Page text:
How your business can adapt during Covid-19
Covid-19 has meant that for a number of months now, we haven’t been able to live the lives we once took for granted. Maintaining a distance from friends and family is a must, whilst being able to walk straight into a shop or restaurant is no longer a straightforward task, due to the effects of the pandemic.
The virus will have had some form of impact on your life, whether it’s being unable to work for the past three months or having to shield yourself from the outside world. The unprecedented times we’re currently experiencing have had a detrimental impact on individuals and countries across the globe.
Businesses across the UK have been dealt numerous blows by the outbreak of Covid-19, with many having to close their doors or reducing the amount of services and products they can provide. Although many businesses are trying their best to adapt to the current situation, unfortunately a large number haven’t been successful and have seen their business close its doors for good.
For many of the world’s most renowned brands, the current pandemic isn’t the only crisis they have been up against. The advantage to this is that modern day businesses can look back in time and see how similar brands within their industry changed their strategy and adapted to any hurdles in their way. If you’re wondering how to take a similar approach with your business, then Utility Bidder have looked back in history to see how a select few of well known brands changed their strategies to increase their chances of surviving during difficult times, and what you can learn from this.
Below is one example from Utility Bidders research:
Procter & Gamble
The 1920’s saw one of the world’s most economic crashes in history. The Great Depression had devastating effects on brands across the world, leaving businesses unable to to survive and thousands of people left unemployed. During this time it wasn’t doom and gloom for all businesses, with Procter & Gamble being one of them.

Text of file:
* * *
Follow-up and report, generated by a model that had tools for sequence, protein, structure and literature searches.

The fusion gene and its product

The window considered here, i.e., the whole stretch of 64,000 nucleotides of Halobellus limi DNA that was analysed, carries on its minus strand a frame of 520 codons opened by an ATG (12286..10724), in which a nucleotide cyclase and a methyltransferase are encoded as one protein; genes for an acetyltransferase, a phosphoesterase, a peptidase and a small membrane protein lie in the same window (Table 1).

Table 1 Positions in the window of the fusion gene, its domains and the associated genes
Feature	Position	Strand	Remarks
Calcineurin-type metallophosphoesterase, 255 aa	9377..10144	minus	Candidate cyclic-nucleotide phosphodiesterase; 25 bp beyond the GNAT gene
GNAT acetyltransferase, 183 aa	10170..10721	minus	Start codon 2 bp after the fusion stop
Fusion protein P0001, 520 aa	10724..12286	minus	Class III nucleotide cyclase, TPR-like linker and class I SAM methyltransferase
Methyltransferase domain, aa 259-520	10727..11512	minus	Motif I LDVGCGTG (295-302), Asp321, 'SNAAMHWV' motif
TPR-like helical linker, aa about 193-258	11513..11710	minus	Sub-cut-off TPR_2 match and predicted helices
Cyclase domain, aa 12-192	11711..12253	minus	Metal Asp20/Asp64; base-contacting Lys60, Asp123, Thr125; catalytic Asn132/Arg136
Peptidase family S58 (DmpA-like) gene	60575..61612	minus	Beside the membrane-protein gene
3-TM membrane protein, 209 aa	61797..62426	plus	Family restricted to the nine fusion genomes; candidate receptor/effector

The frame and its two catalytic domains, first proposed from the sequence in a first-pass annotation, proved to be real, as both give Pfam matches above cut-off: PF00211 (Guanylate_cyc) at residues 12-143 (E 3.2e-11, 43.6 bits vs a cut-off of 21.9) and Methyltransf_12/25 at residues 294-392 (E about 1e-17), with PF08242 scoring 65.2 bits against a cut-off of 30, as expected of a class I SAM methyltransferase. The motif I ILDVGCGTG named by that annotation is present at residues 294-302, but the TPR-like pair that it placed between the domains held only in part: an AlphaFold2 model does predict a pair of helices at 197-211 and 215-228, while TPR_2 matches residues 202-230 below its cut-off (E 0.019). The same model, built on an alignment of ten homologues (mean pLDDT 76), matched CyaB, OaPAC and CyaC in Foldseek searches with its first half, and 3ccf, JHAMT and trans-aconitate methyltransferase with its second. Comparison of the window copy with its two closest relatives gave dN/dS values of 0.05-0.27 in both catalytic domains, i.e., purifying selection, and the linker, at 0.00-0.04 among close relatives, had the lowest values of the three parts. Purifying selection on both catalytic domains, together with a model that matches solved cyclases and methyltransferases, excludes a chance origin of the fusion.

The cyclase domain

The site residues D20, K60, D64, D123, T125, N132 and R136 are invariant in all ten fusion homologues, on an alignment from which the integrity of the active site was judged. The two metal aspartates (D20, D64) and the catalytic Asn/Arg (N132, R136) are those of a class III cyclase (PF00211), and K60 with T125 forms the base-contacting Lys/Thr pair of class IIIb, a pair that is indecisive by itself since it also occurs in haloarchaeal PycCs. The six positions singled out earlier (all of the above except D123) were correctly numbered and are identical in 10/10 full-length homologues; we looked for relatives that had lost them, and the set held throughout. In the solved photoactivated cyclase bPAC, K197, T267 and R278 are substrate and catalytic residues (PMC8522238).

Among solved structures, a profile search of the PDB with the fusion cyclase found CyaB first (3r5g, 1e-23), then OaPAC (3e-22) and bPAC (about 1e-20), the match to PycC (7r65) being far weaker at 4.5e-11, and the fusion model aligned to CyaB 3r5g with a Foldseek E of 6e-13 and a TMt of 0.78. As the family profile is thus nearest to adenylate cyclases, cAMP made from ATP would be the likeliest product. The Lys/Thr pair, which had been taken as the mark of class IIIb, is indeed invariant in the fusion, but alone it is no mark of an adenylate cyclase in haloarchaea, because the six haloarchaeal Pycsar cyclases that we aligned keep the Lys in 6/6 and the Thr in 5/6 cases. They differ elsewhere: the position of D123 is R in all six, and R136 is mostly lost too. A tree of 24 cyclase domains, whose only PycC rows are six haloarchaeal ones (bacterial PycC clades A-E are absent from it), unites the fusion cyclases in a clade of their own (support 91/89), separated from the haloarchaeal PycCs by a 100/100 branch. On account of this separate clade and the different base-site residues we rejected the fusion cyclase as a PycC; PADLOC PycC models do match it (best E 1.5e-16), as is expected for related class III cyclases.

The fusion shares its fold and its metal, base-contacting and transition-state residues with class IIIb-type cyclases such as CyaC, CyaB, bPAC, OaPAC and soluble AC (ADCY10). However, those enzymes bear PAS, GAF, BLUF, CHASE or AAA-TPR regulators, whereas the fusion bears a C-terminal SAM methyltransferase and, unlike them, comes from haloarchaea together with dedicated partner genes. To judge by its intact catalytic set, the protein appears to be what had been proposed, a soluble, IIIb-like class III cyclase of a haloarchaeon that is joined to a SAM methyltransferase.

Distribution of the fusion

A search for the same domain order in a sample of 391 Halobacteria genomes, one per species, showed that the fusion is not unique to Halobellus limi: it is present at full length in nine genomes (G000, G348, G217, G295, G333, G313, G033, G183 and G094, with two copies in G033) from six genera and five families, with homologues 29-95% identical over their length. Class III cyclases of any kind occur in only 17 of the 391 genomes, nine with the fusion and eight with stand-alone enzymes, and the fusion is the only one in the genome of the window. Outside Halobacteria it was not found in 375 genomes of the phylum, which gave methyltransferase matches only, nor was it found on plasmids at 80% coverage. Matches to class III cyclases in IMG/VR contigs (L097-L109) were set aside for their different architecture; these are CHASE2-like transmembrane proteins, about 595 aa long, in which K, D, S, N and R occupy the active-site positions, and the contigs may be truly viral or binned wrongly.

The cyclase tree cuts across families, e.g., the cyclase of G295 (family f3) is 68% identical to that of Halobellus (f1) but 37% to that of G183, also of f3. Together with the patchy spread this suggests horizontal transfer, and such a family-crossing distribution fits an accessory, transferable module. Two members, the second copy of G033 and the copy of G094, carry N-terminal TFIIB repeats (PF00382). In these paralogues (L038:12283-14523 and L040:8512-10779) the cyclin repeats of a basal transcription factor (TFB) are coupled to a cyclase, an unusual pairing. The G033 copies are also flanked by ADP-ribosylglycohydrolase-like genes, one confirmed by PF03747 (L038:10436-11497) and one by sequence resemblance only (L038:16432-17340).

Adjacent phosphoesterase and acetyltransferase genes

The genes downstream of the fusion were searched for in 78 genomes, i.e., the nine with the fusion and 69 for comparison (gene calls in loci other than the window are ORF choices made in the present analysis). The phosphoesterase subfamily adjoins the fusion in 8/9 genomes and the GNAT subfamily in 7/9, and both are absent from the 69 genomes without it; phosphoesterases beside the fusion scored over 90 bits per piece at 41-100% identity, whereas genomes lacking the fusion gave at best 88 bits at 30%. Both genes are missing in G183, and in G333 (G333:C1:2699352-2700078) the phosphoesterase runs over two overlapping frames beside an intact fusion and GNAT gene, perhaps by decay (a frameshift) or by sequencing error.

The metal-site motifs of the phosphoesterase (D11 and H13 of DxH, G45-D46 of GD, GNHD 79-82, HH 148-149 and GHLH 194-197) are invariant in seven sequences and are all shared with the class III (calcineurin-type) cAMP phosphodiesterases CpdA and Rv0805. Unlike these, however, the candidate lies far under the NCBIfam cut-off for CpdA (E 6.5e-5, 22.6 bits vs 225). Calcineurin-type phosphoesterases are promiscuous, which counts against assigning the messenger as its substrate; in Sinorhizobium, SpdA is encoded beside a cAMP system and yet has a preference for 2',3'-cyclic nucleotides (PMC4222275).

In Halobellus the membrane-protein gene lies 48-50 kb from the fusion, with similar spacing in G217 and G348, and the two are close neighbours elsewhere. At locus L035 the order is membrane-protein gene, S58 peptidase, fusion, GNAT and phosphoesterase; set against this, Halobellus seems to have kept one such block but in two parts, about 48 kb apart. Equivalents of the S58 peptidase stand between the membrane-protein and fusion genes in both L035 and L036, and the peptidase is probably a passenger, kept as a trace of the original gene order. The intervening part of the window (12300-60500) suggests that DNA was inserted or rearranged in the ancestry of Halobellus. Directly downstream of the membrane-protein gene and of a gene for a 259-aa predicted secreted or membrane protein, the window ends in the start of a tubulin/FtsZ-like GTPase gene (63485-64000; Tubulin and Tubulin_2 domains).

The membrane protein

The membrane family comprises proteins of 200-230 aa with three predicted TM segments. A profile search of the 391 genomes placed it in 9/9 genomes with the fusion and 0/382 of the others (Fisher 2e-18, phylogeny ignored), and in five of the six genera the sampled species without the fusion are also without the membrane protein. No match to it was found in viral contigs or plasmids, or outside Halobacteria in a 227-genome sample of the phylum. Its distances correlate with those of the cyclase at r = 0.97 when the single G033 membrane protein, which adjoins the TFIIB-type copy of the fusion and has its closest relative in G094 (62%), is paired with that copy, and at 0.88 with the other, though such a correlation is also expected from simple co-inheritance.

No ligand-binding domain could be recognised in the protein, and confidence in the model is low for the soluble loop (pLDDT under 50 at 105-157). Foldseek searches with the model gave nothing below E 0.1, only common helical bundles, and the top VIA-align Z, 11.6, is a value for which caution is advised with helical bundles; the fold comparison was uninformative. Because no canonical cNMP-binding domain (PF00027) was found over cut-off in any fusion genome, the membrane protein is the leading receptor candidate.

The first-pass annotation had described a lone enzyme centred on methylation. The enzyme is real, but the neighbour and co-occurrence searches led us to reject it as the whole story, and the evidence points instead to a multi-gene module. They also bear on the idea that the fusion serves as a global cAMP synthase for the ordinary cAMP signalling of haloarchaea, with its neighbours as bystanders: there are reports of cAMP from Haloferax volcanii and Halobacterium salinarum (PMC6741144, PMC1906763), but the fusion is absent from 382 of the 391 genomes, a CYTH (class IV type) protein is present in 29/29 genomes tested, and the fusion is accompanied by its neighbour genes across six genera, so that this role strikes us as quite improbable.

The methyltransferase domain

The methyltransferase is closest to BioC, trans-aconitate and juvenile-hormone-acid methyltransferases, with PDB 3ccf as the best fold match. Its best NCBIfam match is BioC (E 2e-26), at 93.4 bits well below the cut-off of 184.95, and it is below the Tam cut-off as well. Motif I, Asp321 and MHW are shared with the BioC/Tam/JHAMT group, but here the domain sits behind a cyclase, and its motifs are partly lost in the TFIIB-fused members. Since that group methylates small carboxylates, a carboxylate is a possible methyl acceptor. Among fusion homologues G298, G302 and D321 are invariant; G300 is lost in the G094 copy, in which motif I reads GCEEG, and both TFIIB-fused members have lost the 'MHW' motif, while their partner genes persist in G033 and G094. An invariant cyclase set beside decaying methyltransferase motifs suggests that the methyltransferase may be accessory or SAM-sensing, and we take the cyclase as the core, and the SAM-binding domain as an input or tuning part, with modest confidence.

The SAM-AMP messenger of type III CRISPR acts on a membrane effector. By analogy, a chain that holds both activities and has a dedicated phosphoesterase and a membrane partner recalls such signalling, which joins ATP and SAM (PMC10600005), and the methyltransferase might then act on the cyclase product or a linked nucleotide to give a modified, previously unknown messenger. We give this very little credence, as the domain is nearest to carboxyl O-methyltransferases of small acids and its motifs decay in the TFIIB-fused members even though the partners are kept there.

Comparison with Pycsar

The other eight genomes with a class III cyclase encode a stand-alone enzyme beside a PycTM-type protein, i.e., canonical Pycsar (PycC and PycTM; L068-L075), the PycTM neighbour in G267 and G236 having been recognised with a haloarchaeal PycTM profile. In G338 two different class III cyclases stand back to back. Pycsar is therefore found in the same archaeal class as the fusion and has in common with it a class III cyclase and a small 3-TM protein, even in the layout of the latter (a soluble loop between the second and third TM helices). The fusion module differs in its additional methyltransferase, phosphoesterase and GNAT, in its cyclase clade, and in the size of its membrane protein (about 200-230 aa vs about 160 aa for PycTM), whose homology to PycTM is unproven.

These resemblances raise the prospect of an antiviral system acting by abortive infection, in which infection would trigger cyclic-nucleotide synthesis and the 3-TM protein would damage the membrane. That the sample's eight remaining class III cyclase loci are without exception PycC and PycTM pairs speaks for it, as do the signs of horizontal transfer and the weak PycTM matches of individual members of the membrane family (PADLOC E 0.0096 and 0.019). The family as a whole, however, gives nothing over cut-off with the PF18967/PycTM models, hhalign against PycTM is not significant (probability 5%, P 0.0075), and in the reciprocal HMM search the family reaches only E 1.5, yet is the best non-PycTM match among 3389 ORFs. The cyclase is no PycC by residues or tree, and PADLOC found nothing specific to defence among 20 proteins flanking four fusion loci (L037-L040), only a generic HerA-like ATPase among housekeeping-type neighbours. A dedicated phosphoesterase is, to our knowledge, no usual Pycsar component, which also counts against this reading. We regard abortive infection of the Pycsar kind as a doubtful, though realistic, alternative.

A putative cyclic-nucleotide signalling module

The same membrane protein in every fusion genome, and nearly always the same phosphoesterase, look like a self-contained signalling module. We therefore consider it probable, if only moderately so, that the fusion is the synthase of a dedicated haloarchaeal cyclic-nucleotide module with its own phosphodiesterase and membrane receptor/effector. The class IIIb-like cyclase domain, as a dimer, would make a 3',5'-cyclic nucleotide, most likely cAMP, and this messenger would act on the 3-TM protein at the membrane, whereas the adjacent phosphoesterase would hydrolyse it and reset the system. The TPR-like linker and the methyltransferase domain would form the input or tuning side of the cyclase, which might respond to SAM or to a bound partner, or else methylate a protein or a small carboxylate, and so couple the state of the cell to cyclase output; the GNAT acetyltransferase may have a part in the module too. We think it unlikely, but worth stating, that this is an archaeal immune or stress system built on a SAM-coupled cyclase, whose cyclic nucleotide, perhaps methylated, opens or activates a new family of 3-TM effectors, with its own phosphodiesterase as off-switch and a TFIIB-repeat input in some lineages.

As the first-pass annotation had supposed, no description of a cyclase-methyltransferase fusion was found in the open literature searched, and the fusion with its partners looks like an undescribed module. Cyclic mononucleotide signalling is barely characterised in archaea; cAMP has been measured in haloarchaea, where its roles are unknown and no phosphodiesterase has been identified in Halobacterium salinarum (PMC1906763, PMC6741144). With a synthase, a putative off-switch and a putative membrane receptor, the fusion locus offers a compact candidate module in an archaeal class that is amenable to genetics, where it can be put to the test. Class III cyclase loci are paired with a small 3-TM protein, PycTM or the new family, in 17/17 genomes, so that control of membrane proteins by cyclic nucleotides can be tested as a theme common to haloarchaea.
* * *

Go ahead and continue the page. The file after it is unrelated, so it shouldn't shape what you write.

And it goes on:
To save on business costs, many businesses were making their staff redundant, as well as reigning in on marketing and production costs; whereas Procter & Gamble did the opposite. Their thinking was that even though there was a huge recession currently in progress, people would still need soap and they used this to their advantage. By changing how they advertised their products and upping production, Procter & Gamble not only survived the recession, but actually came out of it more profitable.
Key points: By looking at Procter & Gambles strategy, the key points to take during the current crisis are to monitor what your competition is doing and look for possible windows of investment to name a few.
By looking at how Procter & Gamble adapted to the Great Depression, it can make you realise that being faced with a crisis doesn’t necessarily mean your remote employee software business is going to struggle. Even if you do find your brand has been affected, you can still alter your strategy to make the most of a bad situation and help keep your business afloat.